The state government’s computer systems are attacked 90 million times a day. Rep. Elissa Slotkin says it’s time to get serious on cybersecurity.
LANSING, Mich.—Computers are embedded in Michiganders’ everyday lives.
From the obvious things like cell phones, to less noticeable things like cars, electricity, and even washing machines, these mini computers help families along.
But they also pose a threat, and that worries security experts like Michigan’s Rep. Elissa Slotkin (D-Lansing).
“The issue of cybersecurity has seeped into the American consciousness,” she said. “They’ve hit our gas, they’ve hit our video games, they’ve hit our hot dogs. People are asking me at the ground level what we’re going to do about it and they don’t see us responding.”
Slotkin was an analyst for the Central Intelligence Agency (CIA) and served on the National Security Council for George W. Bush. She then served as Assistant Secretary of Defense for Barack Obama before moving back to Holly, where she ran for Congress.
In Congress, Slotkin serves on the Homeland Security committee, is a member of the Subcommittee on Cybersecurity, Infrastructure Protection, and Innovation and leads the Subcommittee on Intelligence and Counterterrorism.
She also holds a Secretary of Defense Medal for Outstanding Public Service.
All three examples Slotkin cited, from infrastructure to entertainment to food, fell victim to the same kind of digital threat: ransomware. What ransomware does is lock a company or government out of its access to critical information or systems until the attackers are paid a large sum of money, and sometimes the attacker will sell sensitive data to the highest bidder to further pad their ill-gotten gains.
Held for Ransom
An average Michigander likely won’t be a victim of ransomware because the gains for the attacker would be small relative to a business, but hobbling those businesses can prevent Michiganders from accessing needed products or services, endanger jobs, and wound the financial wellbeing of the community around that business. And ransomware attackers might get personal information about a company’s customers.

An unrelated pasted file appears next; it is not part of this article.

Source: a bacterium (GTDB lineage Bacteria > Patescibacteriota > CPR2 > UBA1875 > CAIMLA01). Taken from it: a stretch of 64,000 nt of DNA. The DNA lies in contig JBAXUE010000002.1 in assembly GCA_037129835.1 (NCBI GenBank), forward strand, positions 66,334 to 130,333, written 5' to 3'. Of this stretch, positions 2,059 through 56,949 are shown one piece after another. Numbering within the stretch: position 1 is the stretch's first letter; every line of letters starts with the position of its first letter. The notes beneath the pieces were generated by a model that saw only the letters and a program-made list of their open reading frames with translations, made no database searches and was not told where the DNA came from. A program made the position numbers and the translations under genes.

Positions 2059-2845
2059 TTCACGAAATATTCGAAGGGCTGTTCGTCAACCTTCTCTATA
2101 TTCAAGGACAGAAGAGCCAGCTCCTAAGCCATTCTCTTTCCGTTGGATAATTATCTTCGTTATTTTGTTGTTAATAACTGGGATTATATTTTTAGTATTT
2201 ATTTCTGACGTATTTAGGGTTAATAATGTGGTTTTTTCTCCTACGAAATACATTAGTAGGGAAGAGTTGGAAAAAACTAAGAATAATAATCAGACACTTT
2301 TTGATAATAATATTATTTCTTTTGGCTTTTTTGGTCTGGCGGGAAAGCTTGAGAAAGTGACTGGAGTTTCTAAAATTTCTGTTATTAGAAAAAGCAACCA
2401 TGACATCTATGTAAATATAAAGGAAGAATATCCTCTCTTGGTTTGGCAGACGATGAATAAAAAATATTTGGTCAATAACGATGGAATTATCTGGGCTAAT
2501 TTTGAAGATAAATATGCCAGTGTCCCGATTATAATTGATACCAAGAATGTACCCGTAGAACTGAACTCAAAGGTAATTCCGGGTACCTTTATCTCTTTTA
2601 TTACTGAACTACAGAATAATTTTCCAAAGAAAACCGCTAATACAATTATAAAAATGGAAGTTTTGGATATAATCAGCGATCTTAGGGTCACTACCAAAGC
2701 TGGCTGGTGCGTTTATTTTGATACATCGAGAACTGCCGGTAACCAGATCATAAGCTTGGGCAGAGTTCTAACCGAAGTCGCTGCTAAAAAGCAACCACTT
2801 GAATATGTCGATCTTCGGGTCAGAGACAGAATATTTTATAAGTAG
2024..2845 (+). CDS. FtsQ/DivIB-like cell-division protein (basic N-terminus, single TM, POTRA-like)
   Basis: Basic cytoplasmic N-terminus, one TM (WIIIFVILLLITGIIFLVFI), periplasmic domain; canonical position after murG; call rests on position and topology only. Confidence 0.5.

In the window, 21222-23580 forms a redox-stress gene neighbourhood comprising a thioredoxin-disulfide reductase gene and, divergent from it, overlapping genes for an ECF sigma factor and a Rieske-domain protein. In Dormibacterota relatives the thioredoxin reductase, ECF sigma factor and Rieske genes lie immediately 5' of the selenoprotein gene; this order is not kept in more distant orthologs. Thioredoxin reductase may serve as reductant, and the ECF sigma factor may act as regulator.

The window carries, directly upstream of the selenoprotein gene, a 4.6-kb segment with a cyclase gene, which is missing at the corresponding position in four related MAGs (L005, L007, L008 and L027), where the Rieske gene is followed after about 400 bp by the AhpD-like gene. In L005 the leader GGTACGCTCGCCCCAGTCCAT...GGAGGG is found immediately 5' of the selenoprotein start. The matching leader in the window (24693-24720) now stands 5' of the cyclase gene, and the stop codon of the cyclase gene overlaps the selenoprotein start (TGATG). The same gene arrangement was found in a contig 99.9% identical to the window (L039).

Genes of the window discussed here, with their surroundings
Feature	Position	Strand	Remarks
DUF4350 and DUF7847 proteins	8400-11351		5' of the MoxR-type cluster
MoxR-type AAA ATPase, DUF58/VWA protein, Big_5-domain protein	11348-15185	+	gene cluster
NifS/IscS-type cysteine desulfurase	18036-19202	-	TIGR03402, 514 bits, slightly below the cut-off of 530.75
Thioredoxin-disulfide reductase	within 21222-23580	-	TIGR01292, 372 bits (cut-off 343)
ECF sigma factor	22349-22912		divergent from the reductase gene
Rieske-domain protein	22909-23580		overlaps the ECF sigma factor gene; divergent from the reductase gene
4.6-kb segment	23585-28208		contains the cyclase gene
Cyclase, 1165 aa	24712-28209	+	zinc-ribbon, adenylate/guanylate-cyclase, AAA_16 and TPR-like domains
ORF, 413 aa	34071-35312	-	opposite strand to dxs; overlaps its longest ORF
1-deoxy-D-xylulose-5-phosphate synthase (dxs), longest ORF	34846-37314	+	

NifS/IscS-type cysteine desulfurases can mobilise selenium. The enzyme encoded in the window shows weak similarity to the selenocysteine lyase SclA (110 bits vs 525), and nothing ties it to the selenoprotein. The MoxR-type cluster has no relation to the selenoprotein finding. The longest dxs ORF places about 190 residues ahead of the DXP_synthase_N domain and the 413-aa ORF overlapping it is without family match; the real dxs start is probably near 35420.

In 2016, Lansing’s Board of Water and Light (BWL), which is in Slotkin’s district, was hit with a ransomware attack that shut down its customer service line. It also encrypted, but not stole, customer information.
In 2019, Genesee County was victim of a severe ransomware attack. The attack was particularly aggressive and kept business at the county in a standstill for days. Even after they originally thought the program was defeated, it persisted and kept the county locked out of essential information.
Now, in 2021, the state government says it fights back about 90 million attempts to hack it’s servers every single day. This is both because of how prolific these attacks have become and the massive amount of data that state governments have on hand.
“Even if the intent behind an attack is only to steal money or hold data for ransom, the broader consequences can be enormous for our national and economic security, as we’ve seen from public panic and subsequent gas shortages in a number of states on the East Coast [after the Colonial Pipeline attack],” said Slotkin.